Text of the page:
(Live Review) MILWAUKEE SUMMERFEST - 6/29/23
By The Beard & Little Johnny
Welcome Beard & Little Johnny fans to a different kind of metal/rock review. This weekend, your roving reviewer enjoyed a weekend on the lake as we took in the gigantic Milwaukee Summerfest. Three days (Thu-Sat), for three Weekends, with 12 stages and well over one hundred bands of every genre imaginable descend on this Lake Michigan adjacent festival grounds. It is a lot of Midwest food, beer, and music and The Beard and Little Johnny were there for three days and nights of it.
This review will gloss over the non-rock acts and pay more attention/detail to the heavier side of things, but nevertheless it will be a rollicking read.
Let’s break it down into three days * nights beginning with Thursday June 29th.
Event 32 bands 164-167
(Ed: Looks like you missed the good time rock'n'roll of The Georgia Satellites?!)
Arriving in the afternoon on Thursday, Johnny and I got our “Lay of the Land.” With 12 stages, the grounds are quite expansive. For those who have never been, on one end is a giant amphitheater (10,000 plus seating where the biggest bands of the night play), a secondary large theater, (a few thousand capacity) where the next level bands play, and another ten open stages that can accommodate large G/A crowds. The rule at Summerfest: if you don’t like what you hear, walk 100 yards and you’ll get a brand-new stage.
With no real itinerary, the first item of business was hit a Wisconsin Brewer for recovery juice aka beer. After procuring those, Johnny and I wandered over to a very crowded open-air stage, (especially for 4:00PM on a Thursday), to find that Debbie Gibson was playing.
Now, Debbie Gibson is definitely NOT rock & roll or metal, but the Beard remembered the late 1980’s when Gibson became the youngest to chart a number one album at 16. The Beard also remembers the 2005 Playboy spread (Ed: I hope you hid this mag from our innocent lad, Johnny!) and wanted to see how she was holding up both body and voice-wise at 52 years old. Short answer, a LOT better than I am at 56. Admittedly the heavily choreographed Gibson aerobics-like dance numbers get old quickly so we did depart before the big “Only in My Dreams”, closing number. Cute little nod to nostalgia here at Summerfest. No grade not metal.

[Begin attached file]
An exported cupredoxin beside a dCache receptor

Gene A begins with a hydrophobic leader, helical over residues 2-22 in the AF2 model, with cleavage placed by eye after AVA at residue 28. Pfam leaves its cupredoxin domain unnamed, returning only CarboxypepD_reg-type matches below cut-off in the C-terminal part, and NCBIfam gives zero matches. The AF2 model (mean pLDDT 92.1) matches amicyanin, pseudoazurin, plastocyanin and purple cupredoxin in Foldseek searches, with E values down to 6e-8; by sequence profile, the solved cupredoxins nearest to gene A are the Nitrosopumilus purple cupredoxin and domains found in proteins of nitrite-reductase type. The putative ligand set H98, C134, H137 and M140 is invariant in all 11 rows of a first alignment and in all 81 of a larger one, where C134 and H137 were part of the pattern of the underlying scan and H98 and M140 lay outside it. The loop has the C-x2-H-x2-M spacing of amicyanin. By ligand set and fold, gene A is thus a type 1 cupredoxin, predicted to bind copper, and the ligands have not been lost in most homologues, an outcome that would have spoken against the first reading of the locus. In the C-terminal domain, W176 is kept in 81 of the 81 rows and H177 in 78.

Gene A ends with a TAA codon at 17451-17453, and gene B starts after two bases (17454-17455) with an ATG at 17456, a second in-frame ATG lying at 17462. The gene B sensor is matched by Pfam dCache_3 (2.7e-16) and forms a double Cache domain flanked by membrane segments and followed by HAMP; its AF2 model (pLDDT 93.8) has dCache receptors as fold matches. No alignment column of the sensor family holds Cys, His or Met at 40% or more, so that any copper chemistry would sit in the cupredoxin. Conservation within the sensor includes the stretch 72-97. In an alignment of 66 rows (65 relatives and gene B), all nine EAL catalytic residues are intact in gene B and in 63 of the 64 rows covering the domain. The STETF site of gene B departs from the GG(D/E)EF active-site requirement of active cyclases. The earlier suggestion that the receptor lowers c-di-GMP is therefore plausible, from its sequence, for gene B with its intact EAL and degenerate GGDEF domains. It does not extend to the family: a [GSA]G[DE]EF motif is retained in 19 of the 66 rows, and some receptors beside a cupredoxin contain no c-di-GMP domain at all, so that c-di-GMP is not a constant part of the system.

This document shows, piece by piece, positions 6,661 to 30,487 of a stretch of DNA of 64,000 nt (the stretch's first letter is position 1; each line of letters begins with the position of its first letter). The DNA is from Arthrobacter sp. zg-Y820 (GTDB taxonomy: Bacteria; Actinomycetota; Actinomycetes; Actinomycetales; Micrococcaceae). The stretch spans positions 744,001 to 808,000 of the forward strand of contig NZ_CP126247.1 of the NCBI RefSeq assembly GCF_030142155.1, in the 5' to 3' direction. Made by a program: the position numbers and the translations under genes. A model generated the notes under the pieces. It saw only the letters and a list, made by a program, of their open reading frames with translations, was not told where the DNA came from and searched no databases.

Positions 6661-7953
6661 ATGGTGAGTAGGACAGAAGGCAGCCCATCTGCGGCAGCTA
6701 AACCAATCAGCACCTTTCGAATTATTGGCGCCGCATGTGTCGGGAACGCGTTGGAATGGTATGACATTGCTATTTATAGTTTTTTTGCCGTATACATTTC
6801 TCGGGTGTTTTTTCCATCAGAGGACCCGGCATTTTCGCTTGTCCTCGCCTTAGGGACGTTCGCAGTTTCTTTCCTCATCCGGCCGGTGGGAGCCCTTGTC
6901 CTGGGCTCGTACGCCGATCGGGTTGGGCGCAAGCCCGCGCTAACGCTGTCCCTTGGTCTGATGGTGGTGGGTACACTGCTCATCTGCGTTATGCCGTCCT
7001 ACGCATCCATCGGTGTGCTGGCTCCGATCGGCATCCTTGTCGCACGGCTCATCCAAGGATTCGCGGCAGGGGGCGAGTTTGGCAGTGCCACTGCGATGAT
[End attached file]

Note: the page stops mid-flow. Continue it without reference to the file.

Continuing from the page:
Our second stop had us checking out the Texas based, and New Orleans influenced blues and funk band ...
Singer Kevin Russell presents a perfect figure as the white-goatee-sporting-suit-and-hat-wearing southern gentleman dandy and he performs with no pretensions or rules, dancing like no one is watching, playing guitar mandolin and even ukulele. With a horn section, keys and percussion backing, this was a fun hour-long set. Exactly the type of act you would watch on Bourbon Street while enjoying a cocktail or maybe a few. No grade not metal.
After his set, we wandered to the amphitheater for headline act ...
THE DAVE MATTHEWS BAND
Ironic as it seems, The Beard had never actually witnessed the DMB perform a live set. I can say they are all accomplished musicians, with credit going to guitarist Tim Reynolds as underrated. DMB played a lot of songs, and several were of course lengthy and filled with plenty of solos. I found myself enjoying some, as well as being a bit bored sometimes at the long brass solos that occurred. I think DMB at an outdoor venue is appropriate and perhaps viewing in a slightly altered state of mind would also be an enhancement. No grade not metal.
Last set of night one was 1980’s hair era rockers ...
Night Ranger are celebrating 40 years together. Coming out on stage to “You can Still Rock in America” garnered a good crowd pop and a nice song choice as their opener.
After that though, the next six songs I had either never heard before or didn’t remember if I did. They did play the original “Night Ranger” from Dawn Patrol. There’s a blast from the past that I probably haven’t heard in over three decades. They also covered “High Enough” from Damn Yankees, so that was at least something else I recognized.
Night Ranger are a bit of a caricature of who they were once upon a time, but I guess as long as they are getting paid well and crowds show up it behooves them to keep going. The big hits, "When you Close Your Eyes", "Don’t Tell Me You Love Me", and of course show closer, "Sister Christian" (of which honestly The Beard was never a fan), did send the crowd home happy, and in music, that is the goal. For a Summerfest set of nostalgia they did their jobs.
Night Ranger 78/100.
That ended Night one of Summerfest weekend Two. Day/Night 2 review to be posted tomorrow ...